Tribe Payments provides payment technology to banks, fintechs and payment companies that in turn offer financial services to consumer and business customers. It offers technology to service providers to make payments – through issuer processing, white-label digital wallet and connections to banking rails – as well as take payments – through acquirer processing and POS systems.
Unlike most vendors, Tribe Payments provides all aspects of payments technology via a modular platform, meaning functionality can be mixed and matched without risking disruption or downtime. Tribe’s disposable technology means it is the only provider to fully break the ‘legacy cycle, ensuring zero obsolescence and use of containerisation to minimise risk.
Tribe’s modular approach to technology has allowed the company to pioneer new services.
It has been difficult for fintechs to embrace Open Banking because of the investment and resource required in developing APIs. And overall, this has slowed the progress of Open Banking.
Late last year, Tribe announced that it was the first issuer processor to allow fintechs to harness the power of Open Banking without developing their own APIs. This is just one of the areas that Tribe will be developing further over the coming months and beyond.
Alex Reddish is Chief Commercial Officer at Tribe Payments. With his extensive experience in both issuer and acquirer processing, bank-to-bank payments and digital wallets, Alex’s role is to lead the business and ensure that Tribe harnesses the latest technologies to deliver the best services to its clients.
Alex has previously held roles as both Head of Issuing and Head of Business Relations at Valitor, and Head of European Business at Raphaels Bank, giving him a wealth of knowledge and experience in the payments and the financial services industry.
What has been Tribe’s response to financial technology innovations?
I would argue that Tribe itself is a response to financial technology innovation.
Nimble fintechs and fast-following incumbents need a first-mover advantage to win over innovation-hungry customers and gain market share. This has led to a technology arms race, where service providers are seeking to deliver the next “killer app” that will give them an unfair competitive advantage. This has increased the pace of innovation.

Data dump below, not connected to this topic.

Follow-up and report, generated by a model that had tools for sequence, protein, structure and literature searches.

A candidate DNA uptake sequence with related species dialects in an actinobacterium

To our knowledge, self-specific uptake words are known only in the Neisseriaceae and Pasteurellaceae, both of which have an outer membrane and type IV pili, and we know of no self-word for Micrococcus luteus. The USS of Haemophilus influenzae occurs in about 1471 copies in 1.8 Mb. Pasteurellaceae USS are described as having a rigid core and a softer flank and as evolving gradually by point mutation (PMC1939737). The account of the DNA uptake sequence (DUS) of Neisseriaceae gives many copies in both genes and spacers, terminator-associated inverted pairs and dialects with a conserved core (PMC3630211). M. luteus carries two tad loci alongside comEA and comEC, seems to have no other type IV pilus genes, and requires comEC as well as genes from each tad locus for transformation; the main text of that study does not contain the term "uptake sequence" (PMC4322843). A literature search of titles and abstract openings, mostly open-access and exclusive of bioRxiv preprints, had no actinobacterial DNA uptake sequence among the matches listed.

However, while front-end customer-facing services have been invested in heavily and seen dramatic improvements, there is a limit to what can be achieved here. And this limit is the back-end infrastructure that underpins these services.
Plastering over the cracks with APIs will not be enough to prepare service providers for the future and enable them to deliver on the next wave of innovation—they need to change right down to the core.
In response to this need for sustainable technology innovation, Tribe was born.
Most service providers’ back-end systems resemble Jenga. Like Jenga, any major changes may result in the system falling over entirely. Providers need a platform that works like Lego, where services and functions are independent yet interconnected. Where products can be quickly built and then disposed of for short-term volume gain. Where one change won’t disrupt the whole system.
Unlike other players, Tribe stops the ‘Jenga-effect’—all programming code is isolated, minimising risk whether the partner is adding a new service or just tweaking functionality. This means concepts can be delivered in days not weeks, pilots in weeks not months, and launch in months not years – without impacting on security or resilience.
How has this changed over the past few years?
Tribe was born in 2018 and we launched to the market in 2019 with a platform that is containerised in concept and design and was built from the ground-up to be modular at both micro and macro levels. This approach allows us to react quickly to market changes, and pioneer new initiatives and services.
In 2019, we launched the first complete payments sandbox allowing developers to experiment with new payment products and capabilities across both issuing and acquiring.
In 2020, Tribe was the first issuer processor to allow fintechs to harness the power of Open Banking – including A2A payments – without developing their own APIs.
Is there anything that has created a culture of change inside the company?
Tribe recently updated its company values that are the cornerstones of our company culture and commitment to our customers. One of our values is “Be Curious”. Tribe was built to not just offer the very best payments technology, but the best expertise.